The existing case data suggest that the disease mainly occurs in women. Currently, the youngest reported case pertains to a 10-year-old child[9] in whom the right side was more affected than the left side. The clinical symptoms are not obvious and most lack specificity; they are found accidently during physical examination. In most symptomatic patients, symptoms manifest as gross haematuria and abdominal pain, while some patients show hypertension[10,11,12], repeated urinary stimulation symptoms[12,13], weight loss[13], and other symptoms(Table 1). For the preoperative diagnosis of common RCC, CT is the first choice. However, for TFRCC, preoperative ultrasound seems to be more accurate than CT in visualizing the mass. On plain CT, cystic-solid changes are usually seen with high-density shadow, clear boundary, haemorrhage, and necrosis. Most of them show weak enhancement on enhanced scan, which is different to the obvious enhancement of other types. Moreover, eggshell-like calcification has been observed around the tumour, while the calcification in other types of RCC generally appears in the centre of the tumour. However, in our case, plain CT showed a moderate density shadow, while an enhanced scan showed continuous obvious uneven enhancement, inhomogeneous enhancement, and no obvious calcification, which was rarely seen in previous case reports. Magnetic resonance imaging generally shows a high signal on T1-weighted imaging and a low signal on T2-weighted imaging compared to the signal in the renal parenchyma. These characteristic imaging findings may have a certain suggestive value for preoperative consideration of TFRCC; however, pathological and immunological examination need to be performed for diagnosis.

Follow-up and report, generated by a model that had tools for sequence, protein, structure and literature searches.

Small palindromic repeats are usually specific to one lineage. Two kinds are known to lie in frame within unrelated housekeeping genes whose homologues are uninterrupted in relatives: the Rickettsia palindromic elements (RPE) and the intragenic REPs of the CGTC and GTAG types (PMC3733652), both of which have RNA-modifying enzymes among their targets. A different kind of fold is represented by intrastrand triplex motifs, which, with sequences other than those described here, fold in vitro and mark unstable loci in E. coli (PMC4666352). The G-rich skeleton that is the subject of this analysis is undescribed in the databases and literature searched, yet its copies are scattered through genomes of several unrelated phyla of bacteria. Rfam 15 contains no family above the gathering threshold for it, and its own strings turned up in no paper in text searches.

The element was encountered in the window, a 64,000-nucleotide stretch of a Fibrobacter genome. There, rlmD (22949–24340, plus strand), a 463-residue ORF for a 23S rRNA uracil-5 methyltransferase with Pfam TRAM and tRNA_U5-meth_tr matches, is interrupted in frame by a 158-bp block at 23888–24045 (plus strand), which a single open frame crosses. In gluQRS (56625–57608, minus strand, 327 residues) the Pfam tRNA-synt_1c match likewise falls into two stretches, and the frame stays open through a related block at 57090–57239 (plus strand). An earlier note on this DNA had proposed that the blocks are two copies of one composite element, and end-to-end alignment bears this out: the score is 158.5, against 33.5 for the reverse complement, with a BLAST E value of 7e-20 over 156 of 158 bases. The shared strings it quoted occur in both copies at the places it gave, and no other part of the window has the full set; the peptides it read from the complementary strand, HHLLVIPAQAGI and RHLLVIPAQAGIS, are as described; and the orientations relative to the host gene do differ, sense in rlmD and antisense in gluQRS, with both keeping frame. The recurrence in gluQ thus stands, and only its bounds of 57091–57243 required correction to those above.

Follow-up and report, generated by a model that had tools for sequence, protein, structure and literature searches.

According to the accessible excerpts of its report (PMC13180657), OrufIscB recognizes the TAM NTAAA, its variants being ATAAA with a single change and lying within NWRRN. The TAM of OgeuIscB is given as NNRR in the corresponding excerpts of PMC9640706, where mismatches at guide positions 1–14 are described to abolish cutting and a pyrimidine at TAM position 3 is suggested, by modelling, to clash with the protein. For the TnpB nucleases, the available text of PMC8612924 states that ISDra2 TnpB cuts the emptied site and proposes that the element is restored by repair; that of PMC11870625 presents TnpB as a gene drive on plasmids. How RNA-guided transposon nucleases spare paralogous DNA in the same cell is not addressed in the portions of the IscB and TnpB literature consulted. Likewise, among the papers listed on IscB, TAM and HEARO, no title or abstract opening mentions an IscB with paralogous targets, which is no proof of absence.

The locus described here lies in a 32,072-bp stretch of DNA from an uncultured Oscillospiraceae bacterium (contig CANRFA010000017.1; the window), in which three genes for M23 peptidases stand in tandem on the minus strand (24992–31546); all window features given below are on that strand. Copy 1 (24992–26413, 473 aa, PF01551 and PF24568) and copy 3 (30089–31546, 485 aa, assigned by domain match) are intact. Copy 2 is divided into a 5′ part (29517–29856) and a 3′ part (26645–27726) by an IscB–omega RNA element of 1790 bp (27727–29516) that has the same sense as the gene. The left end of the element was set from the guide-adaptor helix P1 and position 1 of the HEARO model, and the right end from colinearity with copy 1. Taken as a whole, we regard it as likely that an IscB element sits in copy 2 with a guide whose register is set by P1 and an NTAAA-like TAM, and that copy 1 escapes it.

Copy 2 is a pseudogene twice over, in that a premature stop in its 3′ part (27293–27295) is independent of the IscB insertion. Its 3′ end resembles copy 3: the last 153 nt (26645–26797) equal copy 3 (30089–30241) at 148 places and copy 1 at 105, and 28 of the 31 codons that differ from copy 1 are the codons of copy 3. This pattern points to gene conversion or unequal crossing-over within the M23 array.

Table 1 Comparison of the features of 41 cases with metastatic and non-metastatic thyroid-like follicular carcinoma of the kidney reported from 2006 to 2022.
Non-metastatic (n = 34)
Metastatic (n = 7)
Age (yr), mean ± SD (range)41.7 ± 17 (10-83) 42.6 ± 14 (27-68)
Female sex 18/33 (55%; 1 unknown) 4/7 (57%)
Clinical presentation
Incidental24 (71%)4 (57%)
Flank pain/haematuria 10 (29%)3 (43%)
History of malignancy (other sites) 8 (24%)1 (14%)
Tumour characteristics
Size (cm), mean ± SD (range)4.2 ± 2.3 (1.1-11.8) 5.3 ± 2.3 (3.5-10)
Right/left sided17/16 (1 unknown)5 2
Necrosis 9 (24%)3 (43%)
Ki-67 proliferation index1% to 30% (n = 6) 6% (n = 1)
pT stage
Immunohistochemical features
CK724/25 (96%)5/6 (83%)
CK203/14 (21%)2/4 (50%)
CD104/23 (17%)1/5 (20%)
Vimentin20/25 (80%)3/4 (75%)
PAX8 10/11 (91%)3/4 (75%)
Site of metastasis-Bone (2), lung (3), lymph node (2)
Follow-up period (mo)22.1 ± 19.8 30.6 ± 28.8
Disease/death at follow-up02 (28%)

Macroscopically, most of the tumours are clear with a false capsule and both cystic and solid, with occasional bleeding, necrosis, or cystic degeneration. The section has a medium texture and is greyish white to greyish yellow, which differs from the multi-coloured appearance of clear cell RCC. Microscopically, the most prominent feature of the tumour is the formation of the thyroid follicular carcinoma-like structure, and the follicular cavity is filled with a red dye colloid-like substance, which is similar to thyroid colloid-like substance. The cytoplasm of the tumour cells is bichromatic or eosinophilic and empty and bright, the nucleus is round and oval, and the heteromorphism is not obvious. Occasionally, the nuclear groove can be seen, the mitotic image is rare, and the Fuhrman grade is mainly grade 2. Most cases show positive expression of CK, CK7, vimentin, and EMA; negative expression of the thyroid markers TTF-1 and TG; and low Ki-67 proliferation index[14]. In our case, the tumour was solid, its boundary was unclear, the other histological characteristics were similar to those previously reported, and the Ki-67 proliferation index was 2%. The degree of malignancy of the tumour was low, and the postoperative recovery was good.